Free Parking for improvisation in multiple environments.

Thursday, December 30, 2004

Before and After

DigitalGlobe has made available these two QuickBird satellite images of Kalutara on the southwestern coast of Sri Lanka. They show the impact of the tsunami,

Kalutara - January 1st, 2004:

Image copyright DigitalGlobe Posted by Hello
Kalutara, 10.20am Local Time, 26th December 2004:

Image Copyright Digitalglobe Posted by Hello

Tuesday, December 28, 2004


Holy moley. It's a funny feeling sitting here in our first true days of summer - and instead of listening to the cricket, we're learning about one of the greatest natural disasters of modern history.

The sheer scale of this event that has made in impression on me. At the end of 27th December, the confirmed death toll is 23,000 across 9 countries, following the largest earthquake for 40 years (9 on the Richter scale). It makes humanity seem very, very small when people, houses, cars, trees, animals can be obliterated on such a massive scale. Like washing ants down a plughole.

Although this disaster will probably not have great overall historical or geopolitical repercussions, (although the economic impact is already being calculated), it pisses all over September 11th 2001 in terms of size and the number of people directly affected. The fact that the people most hit are among the poorest in the world makes this event even more tragic.

The human side to the event is almost overwhelming. The BBC's "Have Your Say" has become a heart-rending bulletin board not only for people from around the world to describe their personal experiences of the tsunamis, but to also post queries about missing loved ones and make requests for aid from remote areas.

" I heard someone who said that she lost 2 (out of 4) of her children. She said that she didn't know which one to pick up because she couldn't carry them all."

The main requirement in this area is drinking water, medicine, and shelter. Please help."

We are desperate for news of our daughter Charlotte Jones who was on the island of Racha Yai near Phuket when the wave struck. She is 24, 5 foot 6 inches with distinguishing dreadlocks."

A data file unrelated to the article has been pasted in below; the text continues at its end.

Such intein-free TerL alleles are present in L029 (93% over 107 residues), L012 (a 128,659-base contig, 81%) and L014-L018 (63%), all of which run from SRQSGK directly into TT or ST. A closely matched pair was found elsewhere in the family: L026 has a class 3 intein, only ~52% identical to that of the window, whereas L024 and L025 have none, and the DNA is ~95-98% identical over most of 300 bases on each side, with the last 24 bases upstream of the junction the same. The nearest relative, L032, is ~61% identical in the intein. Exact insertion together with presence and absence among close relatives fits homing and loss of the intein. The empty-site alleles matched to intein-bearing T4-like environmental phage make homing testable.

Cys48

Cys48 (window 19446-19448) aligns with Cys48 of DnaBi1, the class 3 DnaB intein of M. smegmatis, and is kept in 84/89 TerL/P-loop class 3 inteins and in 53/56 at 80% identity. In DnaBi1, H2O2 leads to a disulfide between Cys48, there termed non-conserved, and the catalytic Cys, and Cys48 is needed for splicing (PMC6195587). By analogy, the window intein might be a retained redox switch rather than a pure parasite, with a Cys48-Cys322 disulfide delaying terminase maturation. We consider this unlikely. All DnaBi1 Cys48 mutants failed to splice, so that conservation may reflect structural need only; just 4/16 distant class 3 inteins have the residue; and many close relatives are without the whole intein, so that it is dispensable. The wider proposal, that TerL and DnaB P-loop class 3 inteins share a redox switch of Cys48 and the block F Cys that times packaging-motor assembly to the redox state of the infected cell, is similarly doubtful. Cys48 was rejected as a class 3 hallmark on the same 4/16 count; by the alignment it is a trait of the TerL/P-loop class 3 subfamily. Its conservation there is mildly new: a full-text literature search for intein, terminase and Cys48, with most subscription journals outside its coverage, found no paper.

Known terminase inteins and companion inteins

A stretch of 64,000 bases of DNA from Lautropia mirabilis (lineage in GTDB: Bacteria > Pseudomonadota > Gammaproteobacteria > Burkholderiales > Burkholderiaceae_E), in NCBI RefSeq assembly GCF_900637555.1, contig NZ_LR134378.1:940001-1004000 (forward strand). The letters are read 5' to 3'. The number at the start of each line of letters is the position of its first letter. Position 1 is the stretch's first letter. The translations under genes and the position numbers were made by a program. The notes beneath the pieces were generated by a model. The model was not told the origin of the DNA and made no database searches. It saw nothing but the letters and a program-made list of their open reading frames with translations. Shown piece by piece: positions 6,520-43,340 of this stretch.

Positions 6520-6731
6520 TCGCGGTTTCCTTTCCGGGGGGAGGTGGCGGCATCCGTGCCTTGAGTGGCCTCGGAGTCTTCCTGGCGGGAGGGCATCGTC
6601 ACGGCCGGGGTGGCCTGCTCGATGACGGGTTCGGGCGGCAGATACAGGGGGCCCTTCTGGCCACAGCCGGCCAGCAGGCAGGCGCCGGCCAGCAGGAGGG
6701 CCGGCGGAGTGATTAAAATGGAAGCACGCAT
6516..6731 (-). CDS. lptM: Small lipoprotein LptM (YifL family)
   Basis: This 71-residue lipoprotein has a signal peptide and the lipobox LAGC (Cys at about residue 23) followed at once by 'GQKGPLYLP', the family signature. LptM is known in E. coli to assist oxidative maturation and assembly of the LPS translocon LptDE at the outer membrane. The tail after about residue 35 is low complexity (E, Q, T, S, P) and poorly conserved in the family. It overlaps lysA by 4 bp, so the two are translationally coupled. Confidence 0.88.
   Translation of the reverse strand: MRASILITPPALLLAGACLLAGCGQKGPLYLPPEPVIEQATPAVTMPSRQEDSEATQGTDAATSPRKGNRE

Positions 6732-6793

Sunday, December 26, 2004

Felix Navidad!

Yup, Christmas is really about family. Driving to Christmas lunch, for once all the cars on Auckland's roads are filled to brimming with uncles, aunties, grandma and grandpa and all the kids. Everyone going to share in the simple fellowship of a meal together and to reaffirm ties of blood, love or friendship. We could really see it in some ways as a re-enactment of the journey that Mary and Joseph had to take 2000 years ago in returning to Joseph's ancestral hometown for Herod's census. It is probably lucky today that most of us undertake these journeys back to our whanau, back to our roots largely voluntarily, rather than through the obligation of a tyrant.

Comfort and Joy Posted by Hello

Un-Decking the Hall

Posted by Hello

Thursday, December 23, 2004

Shepherds, Angels, Llamas...vintage cars...?

I was interested and possibly horrified by this article in the Washington Post that describes the extraordinary efforts and resources that many larger churches put into elaborate Christmas pageants.

In describing some of the shows being put on this year around the D.C. area, the article says "Perhaps the most expensive production this year was the one put on by Upper Marlboro's Evangel Cathedral, which featured three camels, four llamas, vintage cars, body-jolting thunder and a cast of 270 actors. According to Associate Pastor Kevin Matthews, the 15 performances cost $524,000 and were attended by more than 32,000 people."

Half a million dollars for Christmas show? I don't even want to know how much that is in New Zealand pesetas. I'm sure that many of these large churches see these events as a vital part of their outreach/evangelism, but I get the impression from the article that some of the large churches seem to be getting into some kind of Christmas pageant "arms race". It's a bit like the need to buy the latest and greatest toy for your kid at Christmas, and perhaps the phenomenon is a slightly twisted reflection of the escalating falsification of Christmas that's happening in the secular world.